Mildred in the tent where she and her family have lived for over six months after their home was destroyed by Typhoon Ketsana in September 2009. Copyright: WFP/Michelle McGonagle
Since a typhoon destroyed their home last year, Mildred's family has been living on a beach. Their fishing boat damaged and their savings exhausted, they had nowhere to turn. But their fortunes are changing with a programme that takes care of food needs as they rebuild their lives.
By Michelle McGonagle and Romelita Idia
MANILA – Mildred, 29, will never forget the night last September when Typhoon Ketsana made landfall on Luzon. “It was the most terrifying night of my life,” she said, recalling the flight from her family’s hut as the storm clouds approached.
She and her two children fled to higher ground while her husband stayed behind to look after their home. But there was nothing he could do to keep the hurricane-force winds from knocking it down and blowing away their possessions. Mildred and her children returned the next day to find themselves homeless and their one source of income — their fishing boat — lying damaged on the beach.
Exposed to the elements
“We couldn’t afford to repair the boat so we had to borrow money,” says Mildred. Now in debt and with nowhere to live, she and her family stayed near the sea. Their new “home” was under a bed-sheet canopy that offered some shelter from the sun, but none at all from the rain.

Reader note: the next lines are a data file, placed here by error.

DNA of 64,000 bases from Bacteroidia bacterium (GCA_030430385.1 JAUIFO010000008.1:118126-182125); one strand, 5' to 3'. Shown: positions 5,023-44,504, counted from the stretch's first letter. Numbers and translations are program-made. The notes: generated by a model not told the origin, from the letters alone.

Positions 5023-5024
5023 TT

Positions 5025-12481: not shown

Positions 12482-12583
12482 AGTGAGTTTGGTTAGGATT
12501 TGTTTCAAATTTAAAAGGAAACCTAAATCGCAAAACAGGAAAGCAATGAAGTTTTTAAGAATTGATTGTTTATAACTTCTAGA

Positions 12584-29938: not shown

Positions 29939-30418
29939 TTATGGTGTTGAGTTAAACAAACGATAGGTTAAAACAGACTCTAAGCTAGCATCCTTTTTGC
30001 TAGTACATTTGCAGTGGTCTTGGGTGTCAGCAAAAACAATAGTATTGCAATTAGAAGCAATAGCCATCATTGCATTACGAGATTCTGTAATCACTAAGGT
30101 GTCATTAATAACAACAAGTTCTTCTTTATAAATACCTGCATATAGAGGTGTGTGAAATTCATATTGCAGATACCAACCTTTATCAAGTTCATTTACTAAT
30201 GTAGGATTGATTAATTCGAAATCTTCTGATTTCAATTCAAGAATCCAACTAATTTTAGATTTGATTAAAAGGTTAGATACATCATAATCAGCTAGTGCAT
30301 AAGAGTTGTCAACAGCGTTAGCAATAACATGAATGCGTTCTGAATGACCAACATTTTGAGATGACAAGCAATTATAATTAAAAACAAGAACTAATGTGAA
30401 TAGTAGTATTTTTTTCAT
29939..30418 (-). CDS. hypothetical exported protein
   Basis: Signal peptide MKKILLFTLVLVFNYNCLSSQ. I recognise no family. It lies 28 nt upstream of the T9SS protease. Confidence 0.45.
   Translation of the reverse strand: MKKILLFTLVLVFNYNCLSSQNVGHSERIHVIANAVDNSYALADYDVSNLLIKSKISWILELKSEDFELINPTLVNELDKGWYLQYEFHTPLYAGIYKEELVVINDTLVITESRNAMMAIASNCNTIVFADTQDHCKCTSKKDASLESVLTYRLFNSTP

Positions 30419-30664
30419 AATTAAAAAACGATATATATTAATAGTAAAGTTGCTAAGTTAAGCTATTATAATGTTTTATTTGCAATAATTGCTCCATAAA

After a month of exposure to the elements, they were given a camping tent by aid workers, where they have lived ever since. Meanwhile, her husband kept going out to sea in the hope of catching enough fish to sell, but rarely brought home any more than he needed to feed his family.
A new home
Mildred and her family are still in the tent, but have a new reason to hope for a better future every time they walk out and see their new home under construction just a kilometre away. Mildred's husband is helping to build it himself thanks to a Food for Assets programme that keeps his family fed while he works to give them a roof.
He spends a few days a week hauling rocks, digging trenches, mixing cement and building houses that he and other families who lost their homes will soon move into. The productive work. focused on the future, also gives his family and others the sense that the emergency is over and life can get back to normal.
In close partnership with the Philippine government, WFP has launched 450 Food for Assets projects designed to help families like Mildred’s get back on their feet.
Some 95,000 households in the poorest and hardest-hit areas stand to benefit from the scheme, which will also rebuild storm shelters, repair roads and help residents prepare for the next time a typhoon comes their way.
Read more about how feeding mouths builds communities